In 2004 there were barely 100 brands registered with the DOC. Almost ten years later, that number is over 600. As well as the boom in quality, the quantity has rocketed – only 1.5 million litres were produced in 2002, and that number looks likely to hit 10 million this year. Even so, when you combine this with Chile’s pisco production, it still falls well behind the volumes of its fellow Latin spirits, dwarfed by the volumes of rum, cachaca, and tequila. But with a new generation of passionate producers, some bent on world domination, this category is definitely one you should be paying attention to.
Libations in Lima
Although the gastronomy scene is on fire (the food is amazing!), drinking in Lima can be a bit hit and miss. Pisco Sours are everywhere but finding a good one can prove difficult. Globally the most iconic pisco cocktail, the official national drink must be served by law at every diplomatic function in Peru and her embassies! It is thought to have been invented by American expat Victor Morris, at his Morris’ Bar in Lima shortly after it opened in the mid 1910s. Quebranta Pisco is mixed with egg white, lashings of citrus and sugar, served in a short glass and garnished with a dash or two of bitters.
After Morris died in 1929, the Pisco Sour’s spiritual home moved to the historic bars at the Hotel Maury and the Gran Hotel Bolivar. They became the places to drink and be seen drinking the libation back in the days when they were frequented by the rich and famous. I headed to these bars in search of Pisco Sours at their finest. Above the entrance at the Bolivar it proudly states “La Catedral del Pisco” (The Cathedral of Pisco) but in reality it was far from it. These once iconic classy establishments are tired drab dives, shadows of their former glory serving terrible drinks to tourists.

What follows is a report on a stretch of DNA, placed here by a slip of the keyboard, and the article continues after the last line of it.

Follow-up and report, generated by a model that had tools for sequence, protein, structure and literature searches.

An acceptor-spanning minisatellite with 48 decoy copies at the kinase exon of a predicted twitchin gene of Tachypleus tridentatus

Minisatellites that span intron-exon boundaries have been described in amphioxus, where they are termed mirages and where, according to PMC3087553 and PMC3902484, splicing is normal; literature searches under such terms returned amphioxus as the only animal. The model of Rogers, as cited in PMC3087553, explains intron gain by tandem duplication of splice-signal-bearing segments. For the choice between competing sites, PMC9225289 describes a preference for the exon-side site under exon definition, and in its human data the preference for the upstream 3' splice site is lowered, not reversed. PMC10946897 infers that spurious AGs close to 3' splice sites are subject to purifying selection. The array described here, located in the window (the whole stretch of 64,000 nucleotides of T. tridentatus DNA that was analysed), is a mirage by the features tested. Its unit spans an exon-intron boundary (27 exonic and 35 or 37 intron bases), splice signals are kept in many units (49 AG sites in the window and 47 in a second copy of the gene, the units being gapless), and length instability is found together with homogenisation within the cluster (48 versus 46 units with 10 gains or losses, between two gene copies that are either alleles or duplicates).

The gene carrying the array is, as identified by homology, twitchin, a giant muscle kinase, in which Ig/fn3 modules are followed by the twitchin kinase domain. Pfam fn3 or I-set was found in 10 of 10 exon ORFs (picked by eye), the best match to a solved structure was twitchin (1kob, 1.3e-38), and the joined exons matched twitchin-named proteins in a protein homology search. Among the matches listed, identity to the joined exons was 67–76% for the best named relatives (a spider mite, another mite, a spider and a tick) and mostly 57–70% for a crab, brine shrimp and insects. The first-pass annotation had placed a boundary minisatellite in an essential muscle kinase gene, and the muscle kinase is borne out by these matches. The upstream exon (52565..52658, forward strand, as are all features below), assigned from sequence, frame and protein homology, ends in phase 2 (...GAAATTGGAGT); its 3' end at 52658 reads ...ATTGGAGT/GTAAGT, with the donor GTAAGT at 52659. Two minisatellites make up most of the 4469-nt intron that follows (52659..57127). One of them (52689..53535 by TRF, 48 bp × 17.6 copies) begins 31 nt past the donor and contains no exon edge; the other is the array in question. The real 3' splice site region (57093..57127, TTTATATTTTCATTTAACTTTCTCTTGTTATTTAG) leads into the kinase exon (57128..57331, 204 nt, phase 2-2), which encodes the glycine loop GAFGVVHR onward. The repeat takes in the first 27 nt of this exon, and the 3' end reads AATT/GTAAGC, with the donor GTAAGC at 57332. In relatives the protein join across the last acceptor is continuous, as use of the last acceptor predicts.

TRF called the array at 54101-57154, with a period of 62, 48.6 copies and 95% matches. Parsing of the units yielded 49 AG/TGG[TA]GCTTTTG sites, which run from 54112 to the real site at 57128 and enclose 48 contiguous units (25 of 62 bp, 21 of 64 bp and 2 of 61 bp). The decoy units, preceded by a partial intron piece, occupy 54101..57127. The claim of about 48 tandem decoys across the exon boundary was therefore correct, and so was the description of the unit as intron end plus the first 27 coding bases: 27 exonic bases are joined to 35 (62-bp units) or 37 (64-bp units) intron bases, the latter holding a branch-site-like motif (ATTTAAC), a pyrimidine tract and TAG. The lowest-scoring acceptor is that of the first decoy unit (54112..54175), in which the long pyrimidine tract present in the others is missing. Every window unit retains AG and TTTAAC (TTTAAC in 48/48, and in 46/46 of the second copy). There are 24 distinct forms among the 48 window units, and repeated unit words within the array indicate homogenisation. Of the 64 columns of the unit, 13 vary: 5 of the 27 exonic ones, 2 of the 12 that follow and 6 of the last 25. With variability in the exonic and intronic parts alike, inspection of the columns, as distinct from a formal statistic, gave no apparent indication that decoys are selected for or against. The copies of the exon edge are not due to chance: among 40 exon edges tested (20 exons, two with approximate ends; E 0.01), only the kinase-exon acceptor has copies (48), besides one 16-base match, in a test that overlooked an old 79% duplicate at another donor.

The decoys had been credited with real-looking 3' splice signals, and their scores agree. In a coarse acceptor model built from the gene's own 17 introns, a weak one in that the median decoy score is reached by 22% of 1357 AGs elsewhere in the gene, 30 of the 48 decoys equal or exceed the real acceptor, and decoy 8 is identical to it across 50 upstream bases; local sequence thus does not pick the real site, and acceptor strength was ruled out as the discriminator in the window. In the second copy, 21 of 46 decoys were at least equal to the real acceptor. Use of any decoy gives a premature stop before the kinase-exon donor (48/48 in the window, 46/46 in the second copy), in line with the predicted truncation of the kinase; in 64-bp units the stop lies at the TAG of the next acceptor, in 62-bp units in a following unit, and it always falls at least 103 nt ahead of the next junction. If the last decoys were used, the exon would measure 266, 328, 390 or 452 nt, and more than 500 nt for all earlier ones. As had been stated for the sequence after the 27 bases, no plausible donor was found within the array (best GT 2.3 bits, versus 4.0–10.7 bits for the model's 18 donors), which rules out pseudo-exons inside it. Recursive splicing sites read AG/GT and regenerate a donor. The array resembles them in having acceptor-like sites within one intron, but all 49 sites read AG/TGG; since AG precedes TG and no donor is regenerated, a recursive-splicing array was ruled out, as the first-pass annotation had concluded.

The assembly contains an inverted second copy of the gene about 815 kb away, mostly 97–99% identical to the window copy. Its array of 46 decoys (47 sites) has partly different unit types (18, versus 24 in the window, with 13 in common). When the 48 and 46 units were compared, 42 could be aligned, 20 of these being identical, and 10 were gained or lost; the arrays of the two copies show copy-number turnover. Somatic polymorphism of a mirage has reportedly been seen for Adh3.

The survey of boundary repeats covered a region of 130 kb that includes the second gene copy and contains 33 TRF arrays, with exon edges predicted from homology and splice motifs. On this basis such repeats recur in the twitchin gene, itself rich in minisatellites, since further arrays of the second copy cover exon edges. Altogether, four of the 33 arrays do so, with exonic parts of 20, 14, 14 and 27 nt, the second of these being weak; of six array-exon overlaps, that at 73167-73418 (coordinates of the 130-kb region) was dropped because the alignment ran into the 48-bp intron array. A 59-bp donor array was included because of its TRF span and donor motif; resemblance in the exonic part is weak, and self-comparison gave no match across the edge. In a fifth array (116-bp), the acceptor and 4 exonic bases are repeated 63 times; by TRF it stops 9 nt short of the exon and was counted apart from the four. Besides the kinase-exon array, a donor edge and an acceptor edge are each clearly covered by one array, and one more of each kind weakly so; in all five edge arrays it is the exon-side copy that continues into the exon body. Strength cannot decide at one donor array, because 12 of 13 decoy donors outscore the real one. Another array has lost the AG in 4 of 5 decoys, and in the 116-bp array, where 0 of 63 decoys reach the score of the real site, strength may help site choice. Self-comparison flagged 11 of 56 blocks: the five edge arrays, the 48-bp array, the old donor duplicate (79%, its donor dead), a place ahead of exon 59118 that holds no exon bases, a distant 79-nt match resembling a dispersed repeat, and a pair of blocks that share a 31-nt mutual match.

One exceptional example of a classic Lima hotel bar of this era is The Country Club Lima Hotel in the upmarket suburb of San Isidro. Opened in 1925, this still feels like the play ground of Lima’s elite. I ordered a Capitan, a fantastic mix of equal parts quebranta pisco and sweet vermouth served up and garnished with a cherry. The pecan, raisin and dark chocolate notes from a good Quebranta work perfectly with sweet vermouth, and this sophisticated cocktail fitted perfectly with the timeless classy atmosphere of the bar. The Capitan is thought to have been invented around the time the hotel opened, most probably for Manhattan drinking American expats of which Lima had a large enclave.
I went on the hunt for more Peruvian classics and didn’t have to look hard to find The Chilcano, a long refreshing drink with pisco, ginger ale, bitters, and lime juice. These are a big hit with Peru’s new generation of younger pisco drinkers, a great thirst quencher in the heat of Lima’s afternoons or the hot atmospheres of the city’s clubs. The Algarrobina is another classic but not quite so popular, and drinking it I realised why. It’s a rich and often sickly concoction of pisco, evaporated milk, a whole egg, sugar, and algarrobina syrup (made from the seeds of the carob tree).
The Pisco Punch is finding its way onto lists around Lima, but it’s not a Peruvian recipe. Although references of Pisco Punch can be found as far back as the 1790s, the recipe that has gained cult status across the world in recent years was invented around the turn of the 20th century by Duncan Nicol, a Scotsman and proprietor of San Francisco’s famous Bank Exchange bar. Although Nicol took the recipe to the grave when he died during prohibition, the recipe used today infuses gomme syrup with pineapple overnight, and mixes it with pisco, lime, and garnished with a piece of the marinated pineapple.
Drinking in Lima is not just about the classic cocktails; there’s a new breed of more experimental cocktail bars in pushing things forward using native herbs and produce from across the country in creative modern cocktails. Drinks are sweet by our standards and based around fruit and citrus, but a good understanding of flavour is clearly demonstrated with some tasty drinks. As Lima’s bartenders are influenced by the ever booming experimental gastronomic scene and exposed to an increasing number of international drinkers, it will be interesting to see how the creative cocktail scene will develop in the coming years.